With the exception of a retail clothing store, a barber shop and a cigar stand on the ground floor, the space in the loft building is leased, through Spear & Company, Inc., by the Arsenal Building Corporation, to approximately forty-two tenants, of whom forty are engaged in manufacturing various types of ladies garments for sale not only in New York, but in other States, and of whom two tenants are engaged in the sale, at wholesale, within and without the State of New York, of silks, artificial silks, such as rayon and print goods, to manufacturers, wholesalers and contractors in the ladies garment industries.
The sole business of the Arsenal Building Corporation is that of a real estate owner whose activities are limited to the leasing of space in its building to tenants, the maintenance of its building in good order and condition, and rendering to its tenants the ordinary type of service customary in the operation of a loft or office building.
(2) The defendant Arsenal Building Corporation employs and pays wages to twenty-six service and maintenance employees, including the superintendent of the building.
These employees are engaged, under various occupational classifications, in the performance of various duties about the building.
The duties of these maintenance and service employees are to supply the ordinary service above summarized, incident to the operation and maintenance of a loft or office building leased to tenants: namely, to service and maintain the building as a whole, but not to render service to individual tenants thereof, except as a landlord; to operate the elevators to carry passengers and the goods of the *210 tenants; only to enter the premises of the tenants in the case of emergencies which threaten to damage the building outside the leased premises by leaks, fire, or otherwise, and to repair the window cords and window weights when windows do not work, or to open windows which have become stuck after the painting of window frames.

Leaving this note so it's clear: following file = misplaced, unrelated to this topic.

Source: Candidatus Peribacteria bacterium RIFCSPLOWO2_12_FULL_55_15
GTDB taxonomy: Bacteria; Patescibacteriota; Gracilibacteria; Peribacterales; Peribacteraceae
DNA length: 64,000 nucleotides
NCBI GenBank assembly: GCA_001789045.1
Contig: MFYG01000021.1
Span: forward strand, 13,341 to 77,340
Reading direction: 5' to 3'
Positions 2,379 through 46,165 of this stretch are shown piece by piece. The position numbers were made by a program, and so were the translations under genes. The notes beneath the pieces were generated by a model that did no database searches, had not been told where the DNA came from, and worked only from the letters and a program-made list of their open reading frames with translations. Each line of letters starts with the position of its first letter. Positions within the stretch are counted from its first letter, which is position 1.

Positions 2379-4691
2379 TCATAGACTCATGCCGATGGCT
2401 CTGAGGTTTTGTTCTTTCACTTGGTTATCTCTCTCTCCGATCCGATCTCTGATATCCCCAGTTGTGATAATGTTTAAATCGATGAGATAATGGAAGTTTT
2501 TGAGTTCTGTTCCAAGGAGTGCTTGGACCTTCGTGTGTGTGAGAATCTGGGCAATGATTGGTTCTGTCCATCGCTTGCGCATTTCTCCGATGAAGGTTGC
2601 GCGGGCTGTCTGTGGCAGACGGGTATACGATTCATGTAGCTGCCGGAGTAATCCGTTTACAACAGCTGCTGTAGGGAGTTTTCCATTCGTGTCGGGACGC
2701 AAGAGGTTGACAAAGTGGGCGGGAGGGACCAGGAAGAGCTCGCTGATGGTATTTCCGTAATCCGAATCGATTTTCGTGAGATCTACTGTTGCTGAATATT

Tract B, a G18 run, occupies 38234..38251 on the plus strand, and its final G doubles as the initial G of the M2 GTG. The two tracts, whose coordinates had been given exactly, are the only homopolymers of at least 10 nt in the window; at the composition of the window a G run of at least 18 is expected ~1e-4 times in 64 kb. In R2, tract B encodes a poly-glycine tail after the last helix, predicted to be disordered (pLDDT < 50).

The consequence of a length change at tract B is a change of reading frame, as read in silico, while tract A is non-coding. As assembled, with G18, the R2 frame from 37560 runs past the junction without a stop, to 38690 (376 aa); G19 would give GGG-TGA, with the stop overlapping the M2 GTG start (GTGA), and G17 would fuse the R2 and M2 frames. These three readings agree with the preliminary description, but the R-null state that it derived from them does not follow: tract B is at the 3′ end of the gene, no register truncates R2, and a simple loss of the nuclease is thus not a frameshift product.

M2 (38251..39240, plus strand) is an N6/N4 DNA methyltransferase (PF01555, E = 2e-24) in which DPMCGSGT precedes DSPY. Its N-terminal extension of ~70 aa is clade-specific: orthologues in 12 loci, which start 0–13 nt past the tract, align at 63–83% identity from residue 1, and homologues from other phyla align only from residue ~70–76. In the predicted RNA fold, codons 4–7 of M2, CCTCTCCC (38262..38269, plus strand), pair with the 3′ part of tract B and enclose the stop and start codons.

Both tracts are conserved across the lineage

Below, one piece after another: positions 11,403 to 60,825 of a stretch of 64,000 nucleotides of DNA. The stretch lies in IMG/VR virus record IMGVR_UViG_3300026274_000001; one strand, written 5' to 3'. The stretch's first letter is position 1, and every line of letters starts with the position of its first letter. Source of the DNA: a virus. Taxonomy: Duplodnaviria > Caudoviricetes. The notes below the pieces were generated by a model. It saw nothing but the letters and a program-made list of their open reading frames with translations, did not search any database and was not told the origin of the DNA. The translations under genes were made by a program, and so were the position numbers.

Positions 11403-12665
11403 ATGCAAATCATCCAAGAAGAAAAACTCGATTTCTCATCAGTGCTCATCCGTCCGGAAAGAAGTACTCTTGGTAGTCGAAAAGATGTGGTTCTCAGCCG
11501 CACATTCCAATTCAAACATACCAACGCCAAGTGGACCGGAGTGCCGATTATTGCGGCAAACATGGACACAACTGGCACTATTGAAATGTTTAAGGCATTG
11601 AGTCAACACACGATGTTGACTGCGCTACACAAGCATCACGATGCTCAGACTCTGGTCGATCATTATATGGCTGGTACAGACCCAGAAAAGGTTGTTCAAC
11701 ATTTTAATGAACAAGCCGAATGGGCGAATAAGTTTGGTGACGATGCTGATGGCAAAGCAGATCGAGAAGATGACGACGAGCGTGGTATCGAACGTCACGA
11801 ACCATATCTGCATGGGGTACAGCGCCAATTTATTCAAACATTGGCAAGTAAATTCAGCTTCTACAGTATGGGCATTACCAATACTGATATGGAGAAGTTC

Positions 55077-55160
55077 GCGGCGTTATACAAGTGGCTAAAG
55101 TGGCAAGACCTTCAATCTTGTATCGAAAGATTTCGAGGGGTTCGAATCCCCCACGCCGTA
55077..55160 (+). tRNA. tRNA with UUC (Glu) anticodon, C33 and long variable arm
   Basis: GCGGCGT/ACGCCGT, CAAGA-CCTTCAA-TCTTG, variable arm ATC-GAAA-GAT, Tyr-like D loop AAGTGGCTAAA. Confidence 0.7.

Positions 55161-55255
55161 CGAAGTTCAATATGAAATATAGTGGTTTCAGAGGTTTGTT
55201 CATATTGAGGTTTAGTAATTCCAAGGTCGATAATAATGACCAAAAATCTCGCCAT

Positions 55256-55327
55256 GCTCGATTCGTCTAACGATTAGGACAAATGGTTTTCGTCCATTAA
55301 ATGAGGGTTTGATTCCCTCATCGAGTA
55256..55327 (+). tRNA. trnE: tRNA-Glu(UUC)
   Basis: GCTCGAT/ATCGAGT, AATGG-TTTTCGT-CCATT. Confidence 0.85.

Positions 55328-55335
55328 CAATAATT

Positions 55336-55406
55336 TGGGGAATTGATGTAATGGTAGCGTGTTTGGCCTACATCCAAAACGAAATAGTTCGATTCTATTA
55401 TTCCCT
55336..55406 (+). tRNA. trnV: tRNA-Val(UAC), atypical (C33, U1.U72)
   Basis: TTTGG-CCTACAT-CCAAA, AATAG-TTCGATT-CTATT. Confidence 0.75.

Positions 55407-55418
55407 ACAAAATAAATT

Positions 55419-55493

The keys to the doors of the respective leased premises are solely in the custody of the tenants and none of the service employees has access to the keys or to the leased premises except on the occasion of the emergencies to which reference has been above made.
None of the employees of the Arsenal Building Corporation produces, manufactures, handles, processes, or in any other manner works or touches for the purpose of production, or works in any manner upon the goods produced by any of the tenants of the Arsenal Building Corporation, and none of such employees transports said goods in any proper sense, although some of them, as incidental to their building service, operate elevators which carry goods which are always in the custody of the representatives of the tenants, or their employees, or of employees of persons whom the tenants have engaged to transport the goods, or of the employees of carriers from whom they are receiving goods.